Posted by Alia Haddad on October 4, 2013 at 5:49 pm
The way a person goes about making a short film is completely different from the way that same person would presumably go about making a feature length film. Allow me to explain. While a short narrative film contains most of the same elements of a feature film–character development, exposition, plot arch, and central themes–the short film has much less time to actually get to all of these elements. While a feature film can take its time developing its story, and not to mention the viewer’s interest, the same does not hold true for a short film. It has to open with a bang and quickly, yet effectively, hit the features that make it a successful narrative.
That being said, imagine my surprise and delight when coming across newish short film by Rocky Curby, Dark Vessel. A quick perusal of his IMDB page will reveal that Curby is not only an established short filmmaker (his They Can’t Deport Us All sounds especially intriguing), but also has made a name for himself in the visual effects department of some of this decade’s biggest action films, such as Transformers and The Amazing Spider-Man. Dark Vessel is Curby’s latest short, an animated horror-esque flick (or a “bloody cartoon” as Curby himself puts it) about a murdered robot who comes back to haunt and kill the robots who delivered his fate.
From its opening shot of a fly landing on some fresh dog poop, only to get crushed quickly and swiftly by an ominous boot, you, the viewer, knows that Dark Vessel gets it right. My interest is already piqued, Curby immediately grabbing our attention with one decisive movement. If the name of the game is simply to hit all the relevant plot points to tell a interesting story, then Curby undoubtedly succeeds. But where Curby’s Dark Vessel sets itself apart from other like-minded shorts is in its pure ingenuity.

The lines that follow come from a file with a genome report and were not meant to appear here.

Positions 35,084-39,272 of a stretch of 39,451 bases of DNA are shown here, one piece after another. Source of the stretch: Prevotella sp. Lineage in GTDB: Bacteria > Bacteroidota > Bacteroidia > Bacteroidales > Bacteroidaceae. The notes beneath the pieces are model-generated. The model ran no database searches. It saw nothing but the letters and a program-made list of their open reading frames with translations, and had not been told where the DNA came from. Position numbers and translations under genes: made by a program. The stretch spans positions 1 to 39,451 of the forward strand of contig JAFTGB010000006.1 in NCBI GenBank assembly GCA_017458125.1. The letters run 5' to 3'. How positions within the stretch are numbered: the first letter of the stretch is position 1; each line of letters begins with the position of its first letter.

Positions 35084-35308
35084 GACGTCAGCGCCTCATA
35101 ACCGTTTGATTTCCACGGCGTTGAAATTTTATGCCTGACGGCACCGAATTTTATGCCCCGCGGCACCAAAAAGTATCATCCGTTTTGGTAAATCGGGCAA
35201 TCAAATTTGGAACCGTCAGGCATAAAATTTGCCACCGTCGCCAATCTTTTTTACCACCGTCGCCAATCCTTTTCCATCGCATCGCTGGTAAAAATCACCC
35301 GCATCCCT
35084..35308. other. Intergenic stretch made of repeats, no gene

That is, my interest only strengthens throughout the film as I start to place the different generic conventions Dark Vessel makes use of: it takes place in 1977 in Waxahachie, TX, the boot that does the fly-crushing is cowboy-esque, and a Native American-resembling robot who speaks of mysticism. And, as if that was not enough for my Western-loving self, there is even a scene of a (bad) robot lighting a cigarette, wearing a stetson in a way that can only be described as strongly reminiscent of Clint Eastwood. But then Curby subverts these conventions. The stetson and cowboy-booted robot is, in fact, bad, the mythical Native American robot comes back to haunt–and kill– his murderers, and, most glaringly, these guys are robots.
Yes, Curby has presented us with a captivating plot, a group of interesting characters, and enough anticipation to get us all to watch his short many times through, but those characteristics are not what make Dark Vessel truly special. Where Dark Vessel shines is in its ability to subvert expectations. How Curby managed to do that in 5 short minutes is beyond me. Maybe you all can get a grasp on it. Watch Dark Vessel here.